I have moved horse farms. It was sudden and very unpleasant. I was treated extremely badly by people I had always been kind, helpful and went out of my way for. It left a really bitter taste in my mouth but I was lucky enough to have a couple very supportive friends who helped me move my horse and give her a temporary home. They treated her like one of their own while I searched for a good place for her to be. In less than 48 hors after the incident my horse was in a safe place, being well cared for. Which pretty much is all that matters to me.
I drove all over Maryland looking at farms to keep my horse on. I wanted to see everything the potential new barns had to offer, the full range of options. The first weekend (a holiday weekend even) I must have put 700 miles on the car. I looked at training barns, fox-hunting barns, broken down barns, private barns. Barns that had emaculate facilities barns that had nothing but a ring with old unsafe jumps and a broken fence. I looked at them all. I noticed some things they all had in common even though so many of them were so different. They were all interested in my business. Everyone but one farm had openings and the one who was full took my number and was going to ask around for me. Also most places were less expensive than where I was coming from and not one had the nickel and dime upsell that my previous barn did. They up-sold everything from my feed to fans in the summer. I would habitually spend an additional 100-200 dollars a month on the upsells. Talk about a stark contrast to the place I left (which incidentally has lots of openings as well) I’m not sure why so many places have availability but im guess the economy has caught up with the horse world. People were definitely angling for my business
I knew after looking around the place I decided on that it was the place for me. A beautiful picturesque farm with about 24 horses, many who are owned by the farm owner. It has a small outdoor ring, access to many trails and they have a deal with the farm next door that allows access to their indoor for a couple extra bucks a month and a phone call ahead. My pony is still in rehab but come the winter months I’ll be working out access to the indoor.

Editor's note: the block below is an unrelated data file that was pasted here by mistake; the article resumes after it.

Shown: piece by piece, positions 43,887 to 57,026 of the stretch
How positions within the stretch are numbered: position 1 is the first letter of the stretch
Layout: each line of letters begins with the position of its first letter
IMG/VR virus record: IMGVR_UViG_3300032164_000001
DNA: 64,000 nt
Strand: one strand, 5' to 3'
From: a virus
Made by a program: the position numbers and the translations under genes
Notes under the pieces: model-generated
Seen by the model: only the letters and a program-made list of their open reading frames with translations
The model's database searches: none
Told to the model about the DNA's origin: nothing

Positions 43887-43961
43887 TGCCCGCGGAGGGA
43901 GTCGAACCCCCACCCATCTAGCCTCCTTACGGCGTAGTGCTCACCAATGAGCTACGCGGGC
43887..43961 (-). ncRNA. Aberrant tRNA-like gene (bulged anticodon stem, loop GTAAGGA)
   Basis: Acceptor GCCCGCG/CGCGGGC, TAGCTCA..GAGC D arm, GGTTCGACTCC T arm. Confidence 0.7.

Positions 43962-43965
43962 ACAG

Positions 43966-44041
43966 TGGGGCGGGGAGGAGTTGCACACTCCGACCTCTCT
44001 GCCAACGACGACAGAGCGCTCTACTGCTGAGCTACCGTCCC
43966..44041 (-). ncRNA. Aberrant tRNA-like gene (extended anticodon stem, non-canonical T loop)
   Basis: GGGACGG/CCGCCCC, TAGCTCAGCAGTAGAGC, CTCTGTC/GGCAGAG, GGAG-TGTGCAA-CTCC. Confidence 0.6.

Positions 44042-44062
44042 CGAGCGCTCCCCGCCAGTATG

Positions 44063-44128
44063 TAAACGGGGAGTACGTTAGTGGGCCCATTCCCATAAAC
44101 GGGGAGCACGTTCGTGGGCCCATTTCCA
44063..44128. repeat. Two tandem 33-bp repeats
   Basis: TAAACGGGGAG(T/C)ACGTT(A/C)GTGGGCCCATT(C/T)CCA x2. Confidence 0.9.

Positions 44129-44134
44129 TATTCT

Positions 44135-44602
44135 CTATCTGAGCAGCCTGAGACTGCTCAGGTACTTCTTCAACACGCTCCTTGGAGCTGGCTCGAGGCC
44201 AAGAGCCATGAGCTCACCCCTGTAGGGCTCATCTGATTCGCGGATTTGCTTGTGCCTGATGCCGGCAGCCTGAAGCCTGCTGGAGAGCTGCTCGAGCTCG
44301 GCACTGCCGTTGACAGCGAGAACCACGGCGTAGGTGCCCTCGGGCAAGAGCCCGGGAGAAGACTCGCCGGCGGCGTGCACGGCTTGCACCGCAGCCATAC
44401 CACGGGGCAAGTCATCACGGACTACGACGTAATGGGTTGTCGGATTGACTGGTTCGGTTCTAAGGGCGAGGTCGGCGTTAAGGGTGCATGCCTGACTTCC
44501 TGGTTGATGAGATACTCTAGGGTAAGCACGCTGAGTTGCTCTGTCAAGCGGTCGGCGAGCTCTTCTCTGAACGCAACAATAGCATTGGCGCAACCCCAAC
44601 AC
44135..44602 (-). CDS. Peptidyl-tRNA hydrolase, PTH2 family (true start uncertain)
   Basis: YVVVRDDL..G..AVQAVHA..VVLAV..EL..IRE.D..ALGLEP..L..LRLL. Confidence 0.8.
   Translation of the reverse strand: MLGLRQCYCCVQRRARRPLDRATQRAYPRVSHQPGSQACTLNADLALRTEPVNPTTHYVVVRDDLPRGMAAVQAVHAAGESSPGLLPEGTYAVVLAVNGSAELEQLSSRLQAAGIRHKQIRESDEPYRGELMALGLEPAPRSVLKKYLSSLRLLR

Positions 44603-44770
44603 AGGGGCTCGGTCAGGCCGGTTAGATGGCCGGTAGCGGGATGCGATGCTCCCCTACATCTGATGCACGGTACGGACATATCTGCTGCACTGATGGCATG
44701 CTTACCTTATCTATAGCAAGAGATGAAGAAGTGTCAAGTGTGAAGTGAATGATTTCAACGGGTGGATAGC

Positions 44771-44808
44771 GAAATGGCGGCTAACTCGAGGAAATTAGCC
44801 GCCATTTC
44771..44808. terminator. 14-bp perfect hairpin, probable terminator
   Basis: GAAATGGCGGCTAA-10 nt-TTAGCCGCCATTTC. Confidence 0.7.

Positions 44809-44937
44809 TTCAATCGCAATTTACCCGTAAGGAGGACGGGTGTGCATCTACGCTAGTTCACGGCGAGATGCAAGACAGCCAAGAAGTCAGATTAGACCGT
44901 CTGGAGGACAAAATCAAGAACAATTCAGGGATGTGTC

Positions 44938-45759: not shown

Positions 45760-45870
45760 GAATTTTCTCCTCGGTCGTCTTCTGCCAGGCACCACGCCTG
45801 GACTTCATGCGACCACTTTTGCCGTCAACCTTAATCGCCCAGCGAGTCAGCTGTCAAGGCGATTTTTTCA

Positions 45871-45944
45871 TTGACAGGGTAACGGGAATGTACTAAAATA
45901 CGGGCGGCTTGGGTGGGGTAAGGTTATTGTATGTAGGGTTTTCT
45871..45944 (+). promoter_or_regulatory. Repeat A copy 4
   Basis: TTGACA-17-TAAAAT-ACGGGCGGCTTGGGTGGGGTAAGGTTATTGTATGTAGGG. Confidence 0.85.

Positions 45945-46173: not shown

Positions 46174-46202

We moved in on a Sat and Jezebel settled right in. This whole experience showed me how amazing and adaptable she is, there wasn’t an ounce of stress on her. She went places and did things she never did before. Like a step up trailer and living out 24/7 in a 24×24 area by herself where she could only see other horses across the field. She’s amazingly brave and I found myself in awe of her. Even now that she’s settled into the new barn she’s turned out into the hospital paddock (she’s still on restricted movement). The horse who shares a fence with her, an older quarter horse mare who is great with people but has never been socialized with other horses and needs to be turned out privately is not an issue for Jez as she is for others. They co-exist and I think secretly they get along.
It’s been a hard few weeks but the worst of it is behind Jez and me and we are both looking forward to new friends and a happy safe place for her to live. I’ll never fully be satisfied until I have my own farm but until that day I think this new place fits my needs and more importantly Jezebel’s needs.